The Prayer in Daniel 9
We have been discussing various aspects of prayer and today we focus on the well-known prayer in Daniel 9. Daniel 9 is well-known, but not because of the first 23 verses of this chapter. And yet, this prayer by one of the wisest and godliest men who has ever lived (cf. Ezekiel 14:14, 20; 28:3), should not be divorced from the remarkable prophecy which God gave Daniel via the angel Gabriel (Daniel 9:20-27). If the prayer is better understood (Daniel 9:1-19), perhaps God’s prophetic answer will likewise be understood better (Daniel 9:24-27).
It has been almost 70 years since the Babylonian captivity started. According to God’s Word, the second of the four Gentile empires recently came into power (Daniel 2; 7-8; 9:1). On that same night that the handwriting on the wall appeared, Belshazzar was slain and Babylon fell (Daniel 5; cf. Jeremiah 25:11-12). The Persian Empire existed from October 539 BC until 333 BC, when Alexander the Great took control of Babylon and the third Gentile empire came into power. But according to God’s Word, “after 70 years are completed at Babylon, I will visit you and perform My good word toward you, and cause you to return to this place [Jerusalem, Israel]” (Jeremiah 29:10). So in the first year of Darius the son of Ahasuerus (i.e. Cyrus), Daniel understands from the books the number of years specified by the Word of the LORD, and he starts to pray (Daniel 9:1-3a).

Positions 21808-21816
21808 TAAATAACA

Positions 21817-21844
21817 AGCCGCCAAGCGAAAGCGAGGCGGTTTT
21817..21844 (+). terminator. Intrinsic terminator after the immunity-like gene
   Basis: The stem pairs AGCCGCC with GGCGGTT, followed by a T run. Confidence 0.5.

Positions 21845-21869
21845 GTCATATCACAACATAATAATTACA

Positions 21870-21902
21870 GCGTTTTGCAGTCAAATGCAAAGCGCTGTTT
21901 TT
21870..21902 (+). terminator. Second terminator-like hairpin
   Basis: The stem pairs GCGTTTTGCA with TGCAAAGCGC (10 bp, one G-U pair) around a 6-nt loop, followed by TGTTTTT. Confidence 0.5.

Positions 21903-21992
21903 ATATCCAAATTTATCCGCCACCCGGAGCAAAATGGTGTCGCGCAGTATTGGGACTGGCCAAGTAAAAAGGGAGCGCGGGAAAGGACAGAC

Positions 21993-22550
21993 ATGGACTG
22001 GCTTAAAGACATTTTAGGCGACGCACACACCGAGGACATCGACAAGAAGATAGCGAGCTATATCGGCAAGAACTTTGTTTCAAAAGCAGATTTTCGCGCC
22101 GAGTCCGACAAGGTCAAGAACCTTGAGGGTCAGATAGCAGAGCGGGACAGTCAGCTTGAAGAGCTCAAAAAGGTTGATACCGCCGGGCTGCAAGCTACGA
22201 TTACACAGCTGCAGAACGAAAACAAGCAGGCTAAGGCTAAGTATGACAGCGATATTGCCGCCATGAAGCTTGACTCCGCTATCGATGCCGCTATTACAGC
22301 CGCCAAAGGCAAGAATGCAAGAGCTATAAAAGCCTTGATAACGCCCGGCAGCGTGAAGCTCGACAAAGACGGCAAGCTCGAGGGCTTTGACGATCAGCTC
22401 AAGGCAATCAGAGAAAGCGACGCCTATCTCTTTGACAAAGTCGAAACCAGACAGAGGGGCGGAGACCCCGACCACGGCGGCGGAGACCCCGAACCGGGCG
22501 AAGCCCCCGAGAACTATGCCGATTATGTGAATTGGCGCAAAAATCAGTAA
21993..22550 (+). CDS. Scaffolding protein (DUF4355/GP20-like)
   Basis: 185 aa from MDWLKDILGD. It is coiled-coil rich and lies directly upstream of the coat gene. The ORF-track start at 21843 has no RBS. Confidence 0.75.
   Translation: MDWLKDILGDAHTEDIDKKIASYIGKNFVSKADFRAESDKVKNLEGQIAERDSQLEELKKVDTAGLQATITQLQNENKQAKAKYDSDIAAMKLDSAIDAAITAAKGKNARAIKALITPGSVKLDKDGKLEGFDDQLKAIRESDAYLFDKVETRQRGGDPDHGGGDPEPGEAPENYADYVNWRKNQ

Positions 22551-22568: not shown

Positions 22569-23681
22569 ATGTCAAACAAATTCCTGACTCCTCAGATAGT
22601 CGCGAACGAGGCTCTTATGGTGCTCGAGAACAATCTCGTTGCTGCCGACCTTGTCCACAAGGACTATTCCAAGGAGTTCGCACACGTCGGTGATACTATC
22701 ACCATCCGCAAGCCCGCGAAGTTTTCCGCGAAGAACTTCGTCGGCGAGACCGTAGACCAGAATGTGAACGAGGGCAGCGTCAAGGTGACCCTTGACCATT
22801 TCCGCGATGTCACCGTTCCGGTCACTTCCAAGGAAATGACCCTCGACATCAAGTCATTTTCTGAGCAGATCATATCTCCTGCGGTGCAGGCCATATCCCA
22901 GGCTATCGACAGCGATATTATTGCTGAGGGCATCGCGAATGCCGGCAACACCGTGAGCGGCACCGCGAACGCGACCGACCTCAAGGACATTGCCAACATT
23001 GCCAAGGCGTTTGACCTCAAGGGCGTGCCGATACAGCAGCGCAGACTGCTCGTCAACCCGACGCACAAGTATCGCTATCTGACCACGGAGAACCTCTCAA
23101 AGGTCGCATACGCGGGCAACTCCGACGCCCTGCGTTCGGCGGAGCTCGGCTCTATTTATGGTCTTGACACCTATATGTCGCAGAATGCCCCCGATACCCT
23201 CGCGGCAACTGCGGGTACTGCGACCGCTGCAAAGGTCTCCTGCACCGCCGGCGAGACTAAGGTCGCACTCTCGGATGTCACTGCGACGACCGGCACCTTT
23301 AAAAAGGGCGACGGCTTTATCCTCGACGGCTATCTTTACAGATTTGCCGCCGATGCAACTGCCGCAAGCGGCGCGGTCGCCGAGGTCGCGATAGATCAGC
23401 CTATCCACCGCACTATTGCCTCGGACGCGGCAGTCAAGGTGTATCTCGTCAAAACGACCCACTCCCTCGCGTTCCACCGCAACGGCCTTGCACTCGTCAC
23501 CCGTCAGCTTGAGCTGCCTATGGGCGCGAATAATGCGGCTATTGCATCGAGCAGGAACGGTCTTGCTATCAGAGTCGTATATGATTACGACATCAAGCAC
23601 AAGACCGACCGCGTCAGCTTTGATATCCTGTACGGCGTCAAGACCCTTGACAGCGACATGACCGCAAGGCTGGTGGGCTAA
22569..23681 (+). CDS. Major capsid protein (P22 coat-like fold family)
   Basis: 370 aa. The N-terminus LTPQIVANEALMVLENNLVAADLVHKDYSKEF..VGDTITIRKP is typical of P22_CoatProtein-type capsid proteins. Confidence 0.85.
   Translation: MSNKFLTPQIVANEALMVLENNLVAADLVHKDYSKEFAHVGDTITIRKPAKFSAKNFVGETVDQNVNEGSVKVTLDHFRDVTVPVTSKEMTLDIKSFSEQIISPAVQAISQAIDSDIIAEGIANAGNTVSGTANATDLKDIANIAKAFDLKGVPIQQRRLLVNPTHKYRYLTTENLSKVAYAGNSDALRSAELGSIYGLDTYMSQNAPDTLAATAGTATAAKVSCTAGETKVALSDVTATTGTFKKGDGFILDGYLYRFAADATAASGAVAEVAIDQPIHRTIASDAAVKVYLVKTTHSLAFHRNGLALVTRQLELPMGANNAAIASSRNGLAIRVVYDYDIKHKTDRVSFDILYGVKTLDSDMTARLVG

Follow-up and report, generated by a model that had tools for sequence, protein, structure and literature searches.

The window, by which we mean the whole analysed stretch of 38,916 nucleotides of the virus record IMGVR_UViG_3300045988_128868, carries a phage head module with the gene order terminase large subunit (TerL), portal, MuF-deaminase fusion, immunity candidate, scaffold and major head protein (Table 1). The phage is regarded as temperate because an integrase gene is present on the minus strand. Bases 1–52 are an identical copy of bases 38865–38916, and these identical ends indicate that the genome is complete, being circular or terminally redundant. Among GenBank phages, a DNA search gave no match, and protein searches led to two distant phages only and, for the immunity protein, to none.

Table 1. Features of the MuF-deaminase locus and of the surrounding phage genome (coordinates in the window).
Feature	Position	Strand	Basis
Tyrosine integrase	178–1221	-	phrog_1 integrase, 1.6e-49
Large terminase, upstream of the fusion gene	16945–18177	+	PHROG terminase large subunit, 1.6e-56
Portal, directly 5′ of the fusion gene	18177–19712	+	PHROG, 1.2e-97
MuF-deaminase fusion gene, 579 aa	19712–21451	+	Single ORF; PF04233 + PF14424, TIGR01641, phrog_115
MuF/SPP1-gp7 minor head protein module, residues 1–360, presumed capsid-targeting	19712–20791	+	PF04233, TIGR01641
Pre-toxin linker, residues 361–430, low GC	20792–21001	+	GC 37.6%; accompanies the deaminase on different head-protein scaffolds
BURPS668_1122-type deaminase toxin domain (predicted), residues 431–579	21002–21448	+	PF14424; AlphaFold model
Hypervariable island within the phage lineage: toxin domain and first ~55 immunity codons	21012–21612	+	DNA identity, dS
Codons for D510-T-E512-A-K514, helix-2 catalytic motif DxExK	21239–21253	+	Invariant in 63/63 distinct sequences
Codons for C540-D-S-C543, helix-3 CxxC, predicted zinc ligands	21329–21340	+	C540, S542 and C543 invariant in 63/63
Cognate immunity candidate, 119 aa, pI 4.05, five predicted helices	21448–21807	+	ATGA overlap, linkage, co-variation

The seventy-year prophecy of Jeremiah was fulfilled in one of the following two ways (see Constable 2016:112-114 for a detailed discussion): If Daniel was part of the first deportation of Jews out of Israel to Babylon in 605 BC, and if he prayed this in the year 539 BC, then about 67 years had passed. According to Ezra 3:8, the reconstruction of the temple began in 536 BC, 70 years after the first deportation. If the focus is on Nebuchadnezzar who destroyed the temple in Jerusalem in 586 BC, then one may note that according to Ezra 6:15, the temple was rebuilt by 515 BC, 70 years after it had been destroyed. Note that Daniel interpreted the prophecies in Jeremiah 25 and 29 literally, not allegorically or spiritually, but literally. And God fulfilled these prophecies literally, i.e. after 70 literal years.
Daniel Prays that God’s Will be Done
God’s sovereign plans will surely come to pass and God will certainly fulfil all unconditional prophecies and promises that He has made. But this does not mean one should not pray about it. Rosscup (1992:50) states it well: “As events advance toward His appointed fulfillment, He appeals to mankind to be prayerfully involved in his work, and these prayers do make a difference to God.” As Jesus would later instruct (cf. Matthew 6:10), Daniel prays that God’s will be done. As he did in Daniel 2, 7 and 10, Daniel prays for the fulfilment of God’s divine program, which in itself was a fulfilment of the prophetic portion of Solomon’s prayer when the first temple was inaugurated (1 Kings 8:33-36; Rosscup 1992:47).